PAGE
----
The Duchess of Edinburgh joined the volunteer team at The Lighthouse in Barnsbury and visited the Surrey History Centre in the same day.

The Lighthouse charity was hosting its weekly Tea & Cake for senior citizens, and participants were surprised and delighted to be greeted and served by the Duchess. 

The weekly event draws many local residents who find belonging, friendship and fun at The Lighthouse branch, located in the heart of the Barnsbury housing estate on the southside of Woking. 

The event on Wednesday, January 31 included tasty treats, a trivia quiz, knitting and vibrant conversation. 

The Duchess added much joy through her volunteering, serving tea and cake, playing quizmaster, and chatting with the guests. 

In addition, she helped to sort donations for the community fridge and joined in knitting the distinct woollen cosies that are used at The Lighthouse’s social enterprise coffeehouse, appropriately named The Cosy. 

Anna Wright, centre manager at The Lighthouse, Barnsbury, said: “It was a brilliant afternoon and a highlight at the start of this year for our little community. The Duchess made everyone feel so special, showing interest and care to our guests, and rolling up her sleeves with the volunteer team.”

 The Lighthouse buildings in central Woking and Barnsbury host a range of projects to support, encourage and empower those who find themselves in need or on the margins. 

The charity has around 300 volunteers, working together to tackle deprivation and isolation, transforming lives towards wellbeing, independence and hope. 

The Lighthouse includes well-known services like the Woking Foodbank and the Jigsaw baby bank, as well as a clothing bank, debt advice, cooking classes, creative workshops, The Cosy social enterprise coffeehouse, and much more.   

In her visit to the Surrey History Centre in Goldsworth Road, Woking, the Duchess toured the extensive heritage services and met the staff and volunteers. 

The Duchess was shown treasures from the centre’s collections, including a signed letter by Lady Jane Grey, a Tudor swan roll, photographs and papers relating to the Surrey regiments on the Western Front, early Surrey maps and a rare 18th-century handwritten Qur’an.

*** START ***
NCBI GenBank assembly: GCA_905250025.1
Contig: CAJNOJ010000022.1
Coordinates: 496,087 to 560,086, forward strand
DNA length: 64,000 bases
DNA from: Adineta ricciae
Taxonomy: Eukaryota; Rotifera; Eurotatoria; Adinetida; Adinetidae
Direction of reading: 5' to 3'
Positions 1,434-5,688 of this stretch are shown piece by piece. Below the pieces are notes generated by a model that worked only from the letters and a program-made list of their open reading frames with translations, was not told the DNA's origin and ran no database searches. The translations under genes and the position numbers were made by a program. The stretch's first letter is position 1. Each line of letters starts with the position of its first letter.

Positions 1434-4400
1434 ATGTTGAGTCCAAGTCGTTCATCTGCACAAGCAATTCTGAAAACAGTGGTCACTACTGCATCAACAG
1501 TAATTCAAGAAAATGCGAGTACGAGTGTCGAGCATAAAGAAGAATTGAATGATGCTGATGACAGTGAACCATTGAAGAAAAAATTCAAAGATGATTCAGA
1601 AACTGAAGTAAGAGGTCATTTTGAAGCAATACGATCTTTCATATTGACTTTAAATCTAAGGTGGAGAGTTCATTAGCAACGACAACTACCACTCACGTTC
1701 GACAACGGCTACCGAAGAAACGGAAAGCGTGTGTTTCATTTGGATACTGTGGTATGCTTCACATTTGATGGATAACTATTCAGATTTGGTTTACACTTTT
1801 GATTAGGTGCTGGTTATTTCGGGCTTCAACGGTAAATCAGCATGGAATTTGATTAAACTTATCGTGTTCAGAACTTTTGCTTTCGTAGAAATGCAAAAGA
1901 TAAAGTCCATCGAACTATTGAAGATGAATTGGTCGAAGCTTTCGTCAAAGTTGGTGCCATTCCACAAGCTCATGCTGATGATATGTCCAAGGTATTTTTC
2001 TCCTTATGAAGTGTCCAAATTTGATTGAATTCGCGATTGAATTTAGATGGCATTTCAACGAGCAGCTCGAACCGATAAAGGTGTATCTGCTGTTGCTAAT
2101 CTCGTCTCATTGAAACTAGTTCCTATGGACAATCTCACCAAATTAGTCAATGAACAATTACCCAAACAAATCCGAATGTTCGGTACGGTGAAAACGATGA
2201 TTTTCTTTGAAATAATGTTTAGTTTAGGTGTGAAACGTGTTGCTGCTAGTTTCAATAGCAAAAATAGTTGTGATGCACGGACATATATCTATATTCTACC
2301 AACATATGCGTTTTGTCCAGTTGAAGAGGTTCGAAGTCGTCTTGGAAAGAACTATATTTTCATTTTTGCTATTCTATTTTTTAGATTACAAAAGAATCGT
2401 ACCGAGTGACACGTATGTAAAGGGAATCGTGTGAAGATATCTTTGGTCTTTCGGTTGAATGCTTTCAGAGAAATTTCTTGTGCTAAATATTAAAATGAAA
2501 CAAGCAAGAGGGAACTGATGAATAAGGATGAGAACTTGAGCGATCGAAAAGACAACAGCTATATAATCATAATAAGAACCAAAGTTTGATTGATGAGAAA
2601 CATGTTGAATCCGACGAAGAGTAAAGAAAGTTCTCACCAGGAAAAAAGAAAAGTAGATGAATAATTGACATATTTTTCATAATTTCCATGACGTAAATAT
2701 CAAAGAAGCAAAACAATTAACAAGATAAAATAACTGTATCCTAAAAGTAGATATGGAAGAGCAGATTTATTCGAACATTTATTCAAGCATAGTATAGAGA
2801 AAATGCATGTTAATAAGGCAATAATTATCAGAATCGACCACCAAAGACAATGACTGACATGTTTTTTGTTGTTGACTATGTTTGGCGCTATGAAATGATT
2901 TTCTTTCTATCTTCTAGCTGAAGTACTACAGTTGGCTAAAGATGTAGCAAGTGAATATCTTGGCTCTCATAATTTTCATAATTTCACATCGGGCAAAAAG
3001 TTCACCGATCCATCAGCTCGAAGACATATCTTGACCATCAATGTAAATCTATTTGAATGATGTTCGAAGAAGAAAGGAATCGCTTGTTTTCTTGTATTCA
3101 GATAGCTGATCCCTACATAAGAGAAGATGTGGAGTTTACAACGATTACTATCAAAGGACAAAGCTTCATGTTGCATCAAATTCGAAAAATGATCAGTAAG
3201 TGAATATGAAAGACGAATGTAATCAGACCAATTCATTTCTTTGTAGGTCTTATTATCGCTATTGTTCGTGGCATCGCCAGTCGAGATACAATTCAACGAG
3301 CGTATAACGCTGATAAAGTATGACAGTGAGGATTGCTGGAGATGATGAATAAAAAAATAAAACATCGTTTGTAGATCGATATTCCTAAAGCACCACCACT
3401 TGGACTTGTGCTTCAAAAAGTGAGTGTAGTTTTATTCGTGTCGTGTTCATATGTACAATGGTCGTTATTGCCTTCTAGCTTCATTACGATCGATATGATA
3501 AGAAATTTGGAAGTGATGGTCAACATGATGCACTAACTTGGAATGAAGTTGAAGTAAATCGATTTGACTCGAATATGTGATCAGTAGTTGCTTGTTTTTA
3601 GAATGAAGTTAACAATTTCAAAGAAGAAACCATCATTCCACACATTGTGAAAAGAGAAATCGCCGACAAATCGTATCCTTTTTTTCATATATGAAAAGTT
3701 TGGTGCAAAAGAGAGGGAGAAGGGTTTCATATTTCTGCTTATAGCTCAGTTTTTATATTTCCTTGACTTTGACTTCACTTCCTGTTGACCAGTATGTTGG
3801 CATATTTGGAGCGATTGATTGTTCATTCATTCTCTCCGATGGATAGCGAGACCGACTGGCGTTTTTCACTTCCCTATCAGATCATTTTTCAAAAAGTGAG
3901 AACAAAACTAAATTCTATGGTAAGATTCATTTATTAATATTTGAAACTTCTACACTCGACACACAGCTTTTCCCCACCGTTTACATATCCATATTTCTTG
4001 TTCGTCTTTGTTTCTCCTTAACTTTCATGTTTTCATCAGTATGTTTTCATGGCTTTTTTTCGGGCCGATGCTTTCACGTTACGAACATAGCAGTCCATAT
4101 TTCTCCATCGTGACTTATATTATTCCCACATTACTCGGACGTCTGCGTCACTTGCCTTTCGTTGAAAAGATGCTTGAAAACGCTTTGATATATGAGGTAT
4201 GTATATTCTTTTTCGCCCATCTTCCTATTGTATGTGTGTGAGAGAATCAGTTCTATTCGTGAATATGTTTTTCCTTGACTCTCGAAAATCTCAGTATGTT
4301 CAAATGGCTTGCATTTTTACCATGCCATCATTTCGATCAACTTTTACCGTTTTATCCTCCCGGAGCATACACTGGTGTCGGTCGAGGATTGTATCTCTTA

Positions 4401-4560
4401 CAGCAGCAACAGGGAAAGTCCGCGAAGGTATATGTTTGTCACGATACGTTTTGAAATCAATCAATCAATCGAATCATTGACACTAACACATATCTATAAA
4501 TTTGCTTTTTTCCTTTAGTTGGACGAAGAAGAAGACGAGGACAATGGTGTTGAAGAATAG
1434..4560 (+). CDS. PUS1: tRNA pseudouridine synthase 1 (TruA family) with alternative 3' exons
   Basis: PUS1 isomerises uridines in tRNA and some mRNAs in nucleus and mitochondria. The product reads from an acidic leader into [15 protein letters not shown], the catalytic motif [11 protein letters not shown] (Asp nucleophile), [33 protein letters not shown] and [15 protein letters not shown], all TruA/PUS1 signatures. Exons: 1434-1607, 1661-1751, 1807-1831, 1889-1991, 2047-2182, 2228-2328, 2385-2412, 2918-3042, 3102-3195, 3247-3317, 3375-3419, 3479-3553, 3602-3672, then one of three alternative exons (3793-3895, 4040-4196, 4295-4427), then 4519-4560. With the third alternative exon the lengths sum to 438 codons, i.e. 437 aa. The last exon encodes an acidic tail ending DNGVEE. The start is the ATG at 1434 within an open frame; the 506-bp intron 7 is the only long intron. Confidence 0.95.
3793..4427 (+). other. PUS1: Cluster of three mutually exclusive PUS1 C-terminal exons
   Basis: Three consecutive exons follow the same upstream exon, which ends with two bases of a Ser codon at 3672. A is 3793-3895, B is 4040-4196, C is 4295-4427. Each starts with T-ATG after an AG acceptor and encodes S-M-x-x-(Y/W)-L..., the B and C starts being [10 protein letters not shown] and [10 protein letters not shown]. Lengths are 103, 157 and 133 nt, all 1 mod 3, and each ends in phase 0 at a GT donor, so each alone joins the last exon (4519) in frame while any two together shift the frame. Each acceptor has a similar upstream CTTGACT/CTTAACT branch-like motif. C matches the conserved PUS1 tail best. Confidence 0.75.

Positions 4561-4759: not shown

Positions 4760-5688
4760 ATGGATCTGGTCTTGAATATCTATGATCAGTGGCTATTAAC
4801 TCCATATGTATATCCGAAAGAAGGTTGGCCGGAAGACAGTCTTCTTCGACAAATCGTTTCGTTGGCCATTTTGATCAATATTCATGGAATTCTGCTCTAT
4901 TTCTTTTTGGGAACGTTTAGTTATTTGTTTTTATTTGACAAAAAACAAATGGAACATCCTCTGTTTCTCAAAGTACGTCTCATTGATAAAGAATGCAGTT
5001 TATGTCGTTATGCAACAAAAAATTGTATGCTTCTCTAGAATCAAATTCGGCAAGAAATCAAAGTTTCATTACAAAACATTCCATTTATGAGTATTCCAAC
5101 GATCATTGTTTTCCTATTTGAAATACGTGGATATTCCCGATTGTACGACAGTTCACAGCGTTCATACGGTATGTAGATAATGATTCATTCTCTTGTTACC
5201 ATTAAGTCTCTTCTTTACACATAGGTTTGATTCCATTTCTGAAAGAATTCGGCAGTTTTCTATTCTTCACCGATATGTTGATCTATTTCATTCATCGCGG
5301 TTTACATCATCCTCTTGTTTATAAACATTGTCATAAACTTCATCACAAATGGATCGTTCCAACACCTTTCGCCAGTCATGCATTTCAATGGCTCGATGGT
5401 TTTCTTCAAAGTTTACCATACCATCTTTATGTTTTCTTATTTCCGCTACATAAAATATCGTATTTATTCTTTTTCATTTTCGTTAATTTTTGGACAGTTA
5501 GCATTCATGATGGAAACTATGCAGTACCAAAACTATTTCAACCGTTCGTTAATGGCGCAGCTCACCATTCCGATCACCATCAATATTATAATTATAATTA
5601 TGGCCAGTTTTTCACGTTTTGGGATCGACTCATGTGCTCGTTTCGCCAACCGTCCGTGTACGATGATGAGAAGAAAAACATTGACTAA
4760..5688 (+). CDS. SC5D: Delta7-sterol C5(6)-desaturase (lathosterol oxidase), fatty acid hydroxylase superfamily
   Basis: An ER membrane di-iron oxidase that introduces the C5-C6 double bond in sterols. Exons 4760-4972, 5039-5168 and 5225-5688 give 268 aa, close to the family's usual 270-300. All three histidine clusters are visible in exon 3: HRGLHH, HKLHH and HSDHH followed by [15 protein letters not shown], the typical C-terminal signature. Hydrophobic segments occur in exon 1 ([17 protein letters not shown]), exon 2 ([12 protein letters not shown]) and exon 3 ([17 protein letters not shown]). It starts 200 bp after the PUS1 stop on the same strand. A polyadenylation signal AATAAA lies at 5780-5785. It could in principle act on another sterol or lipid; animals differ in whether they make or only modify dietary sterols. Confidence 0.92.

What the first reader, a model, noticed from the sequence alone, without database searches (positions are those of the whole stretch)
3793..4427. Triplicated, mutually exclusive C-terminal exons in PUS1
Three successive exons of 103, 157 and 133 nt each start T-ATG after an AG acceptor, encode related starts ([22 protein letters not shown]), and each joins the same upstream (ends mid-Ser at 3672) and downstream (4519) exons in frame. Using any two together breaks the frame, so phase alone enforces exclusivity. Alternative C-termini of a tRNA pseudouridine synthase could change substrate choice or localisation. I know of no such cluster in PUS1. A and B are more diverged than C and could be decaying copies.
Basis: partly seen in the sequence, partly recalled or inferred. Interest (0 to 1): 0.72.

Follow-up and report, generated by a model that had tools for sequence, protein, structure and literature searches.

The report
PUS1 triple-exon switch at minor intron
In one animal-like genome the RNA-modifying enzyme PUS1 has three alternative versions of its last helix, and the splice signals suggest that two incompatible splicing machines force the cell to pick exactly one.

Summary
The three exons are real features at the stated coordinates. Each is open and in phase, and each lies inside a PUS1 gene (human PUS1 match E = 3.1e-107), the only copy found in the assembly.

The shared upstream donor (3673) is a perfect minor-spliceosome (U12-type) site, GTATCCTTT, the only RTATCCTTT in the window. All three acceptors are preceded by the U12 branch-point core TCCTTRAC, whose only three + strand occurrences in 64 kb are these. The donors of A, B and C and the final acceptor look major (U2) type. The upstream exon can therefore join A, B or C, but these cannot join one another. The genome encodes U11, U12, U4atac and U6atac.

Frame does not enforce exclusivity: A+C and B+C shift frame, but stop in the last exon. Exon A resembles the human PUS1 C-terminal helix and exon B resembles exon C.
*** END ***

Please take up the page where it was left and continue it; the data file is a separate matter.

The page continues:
On a behind-the-scenes tour, the Duchess was shown how the collections are stored, conserved and protected for future generations and how members of the public are using the collections today. She spoke to searchroom users, volunteers and staff members who told of the current projects they are working on. 

Surrey County Archaeological Unit staff explained their work at Ankerwycke Priory and West Horsley Place alongside their mounted display of archaeological finds from recent excavations at these sites.  The Duchess met local volunteers who work on community archaeology projects. 

Mike Page, county archivist, thanked the Duchess for visiting to learn more about the range of innovative work delivered by the centre with the help of its expert staff, volunteers and strong local partnerships. 

The Duchess was accompanied on her tour of the centre by county and borough councillor Saj Hussain.

Cllr Hussain said: “It was an honour to meet Her Royal Highness on her visit and to discover more myself about some of the most fascinating records held here.  

‘‘The centre welcomes everyone who wishes to find out more about Surrey’s heritage. If you haven’t visited yet, then do see the website for opening times and all the great services they offer.”

For more information on the Surrey History Centre, call 01483 518737 or email shs@sur

There is more inforation about the work The Lighthouse, including its refugee support hub, on its website